KARACHI: The Sindh High Court (SHC) on Friday set aside the death sentence of two appellants, said to be associated with the outlawed Lashkar-i-Jhangvi, in a case pertaining to a grenade attack on an Imambargah.
The SHC observed that the sole eyewitness of the case did not able to safely and reliably identify the appellants during an identification parade.
An antiterrorism court (ATC) had sentenced Mohammad Ishaq alias Bobby and Mohammad Asim alias Capri to death in December 2020 for hurling a grenade/cracker at an Imambargah in Nazimabad in October 2016 that left a child dead and 30 other persons wounded.
The prosecution said that both the appellants were affiliated with the banned LJ. Now defunct military courts as well as the ATCs had convicted them in a number of cases, including the murder of qawwali maestro Amjad Sabri.
The convicts, through their counsel, filed appeals against the judgement of the trial court before the SHC.
After hearing both sides and examining the record and proceedings of the case, a division bench headed by Justice Mohammad Karim Khan Agha allowed the appeals and acquitted them.
The bench in its judgement observed that the sole eyewitness, Syed Shamim Raza, also the caretaker of Imambargah and complainant in the case, was a natural witness, but he was not able to correctly identify the appellants.
The eyewitness did not see the appellants before and only get a fleeing glimpse of them and he did not give any appearance of the appellants in his initial statement recorded by police and such a statement greatly undermined his ability to pick out any accused with accuracy at an identification parade, it added.
The bench also noted that he apparently made sketches of the accused, not immediately after the incident, but shortly before the identification parade, which raised doubt as to whether the accused persons were shown to him before the parade.
It further noted that the incident was taken place at 8pm in October and it would have been quite dark and therefore extremely difficult for the witness to accurately identify both appellants.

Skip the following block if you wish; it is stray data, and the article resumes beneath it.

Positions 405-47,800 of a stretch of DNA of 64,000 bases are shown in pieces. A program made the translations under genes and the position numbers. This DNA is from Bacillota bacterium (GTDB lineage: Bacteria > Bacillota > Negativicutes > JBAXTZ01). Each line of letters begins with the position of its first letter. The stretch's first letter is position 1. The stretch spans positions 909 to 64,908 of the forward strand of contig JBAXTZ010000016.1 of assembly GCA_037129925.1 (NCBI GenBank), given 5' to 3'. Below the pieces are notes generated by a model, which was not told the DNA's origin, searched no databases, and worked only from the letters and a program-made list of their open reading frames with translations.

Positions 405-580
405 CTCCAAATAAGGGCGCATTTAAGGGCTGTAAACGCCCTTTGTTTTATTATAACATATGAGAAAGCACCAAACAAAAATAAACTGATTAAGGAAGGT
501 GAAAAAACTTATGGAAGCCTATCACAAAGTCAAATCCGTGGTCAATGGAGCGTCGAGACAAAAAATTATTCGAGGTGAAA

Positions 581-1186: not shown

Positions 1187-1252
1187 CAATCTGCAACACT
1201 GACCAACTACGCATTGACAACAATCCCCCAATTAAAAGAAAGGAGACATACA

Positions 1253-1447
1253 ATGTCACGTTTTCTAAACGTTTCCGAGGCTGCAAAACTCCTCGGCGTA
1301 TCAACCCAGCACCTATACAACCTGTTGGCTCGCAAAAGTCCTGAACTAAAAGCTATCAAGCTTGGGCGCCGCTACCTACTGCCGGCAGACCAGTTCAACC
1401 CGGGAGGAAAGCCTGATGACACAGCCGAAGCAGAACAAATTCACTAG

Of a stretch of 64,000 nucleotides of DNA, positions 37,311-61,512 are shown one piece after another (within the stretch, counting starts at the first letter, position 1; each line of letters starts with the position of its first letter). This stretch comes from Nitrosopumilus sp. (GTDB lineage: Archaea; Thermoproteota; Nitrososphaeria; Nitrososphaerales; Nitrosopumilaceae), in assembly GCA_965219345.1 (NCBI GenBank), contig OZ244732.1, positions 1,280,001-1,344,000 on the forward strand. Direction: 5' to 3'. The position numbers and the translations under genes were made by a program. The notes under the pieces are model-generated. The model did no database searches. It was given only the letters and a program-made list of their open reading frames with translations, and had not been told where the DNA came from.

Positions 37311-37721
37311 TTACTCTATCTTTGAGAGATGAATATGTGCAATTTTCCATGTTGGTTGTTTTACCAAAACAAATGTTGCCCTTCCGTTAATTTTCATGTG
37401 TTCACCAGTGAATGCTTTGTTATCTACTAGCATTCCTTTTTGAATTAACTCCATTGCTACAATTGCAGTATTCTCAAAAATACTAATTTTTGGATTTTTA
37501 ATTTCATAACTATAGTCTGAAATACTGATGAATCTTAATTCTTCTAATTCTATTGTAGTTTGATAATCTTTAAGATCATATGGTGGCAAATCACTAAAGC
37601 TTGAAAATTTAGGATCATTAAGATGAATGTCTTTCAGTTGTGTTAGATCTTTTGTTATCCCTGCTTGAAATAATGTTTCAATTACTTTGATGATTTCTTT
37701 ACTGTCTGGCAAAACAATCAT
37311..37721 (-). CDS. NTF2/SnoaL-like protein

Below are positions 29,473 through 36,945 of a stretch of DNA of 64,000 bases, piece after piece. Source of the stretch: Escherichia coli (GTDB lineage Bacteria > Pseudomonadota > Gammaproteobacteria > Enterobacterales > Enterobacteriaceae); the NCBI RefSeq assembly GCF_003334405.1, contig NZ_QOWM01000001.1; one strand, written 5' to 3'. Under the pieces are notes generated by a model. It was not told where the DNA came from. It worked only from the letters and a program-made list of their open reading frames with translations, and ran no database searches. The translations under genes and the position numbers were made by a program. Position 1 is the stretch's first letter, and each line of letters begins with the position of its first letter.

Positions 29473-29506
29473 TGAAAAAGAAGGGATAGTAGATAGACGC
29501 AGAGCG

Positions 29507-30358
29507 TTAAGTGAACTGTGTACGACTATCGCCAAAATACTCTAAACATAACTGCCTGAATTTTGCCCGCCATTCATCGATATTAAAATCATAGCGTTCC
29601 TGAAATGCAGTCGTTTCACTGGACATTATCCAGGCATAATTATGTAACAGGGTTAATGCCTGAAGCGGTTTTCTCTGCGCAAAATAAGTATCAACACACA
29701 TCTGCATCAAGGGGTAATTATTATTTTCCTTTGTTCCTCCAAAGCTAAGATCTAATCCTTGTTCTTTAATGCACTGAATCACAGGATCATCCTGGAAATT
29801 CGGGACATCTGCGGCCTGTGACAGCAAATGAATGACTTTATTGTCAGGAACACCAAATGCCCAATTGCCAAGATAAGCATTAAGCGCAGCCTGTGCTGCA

The bench observed that there appeared to be hardly any cogent corroborative or supportive evidence and it found that the eyewitness was not able to correctly identify either of the appellants.
While referring to a judgment of the apex court, the bench said that care and caution must be taken by courts in ensuring that an unknown accused was correctly identified, adding that in fact, extra care in relying on identification parades was an accepted global phenomena.
“Thus, having found that the sole eyewitness would not have been able to correctly, safely and reliably identify the appellants, the conduct of the identification parade becomes inconsequential,” it added.
About admission of appellants before police, the bench said police did not produce them before a magistrate to record their confession under Section 164 of the criminal procedure code as there was no legal weight in admission before police.
It further noted that as per complainant, Salman and Afzal were also eyewitnesses and they were also called in court for the identification parade, but Fazal did not give evidence as prosecution witness while Salman was listed as prosecution witness, but was given up by the prosecution, which led to the inference that he would not have supported the prosecution case in terms of identification of appellants.
Published in Dawn, May 21st, 2022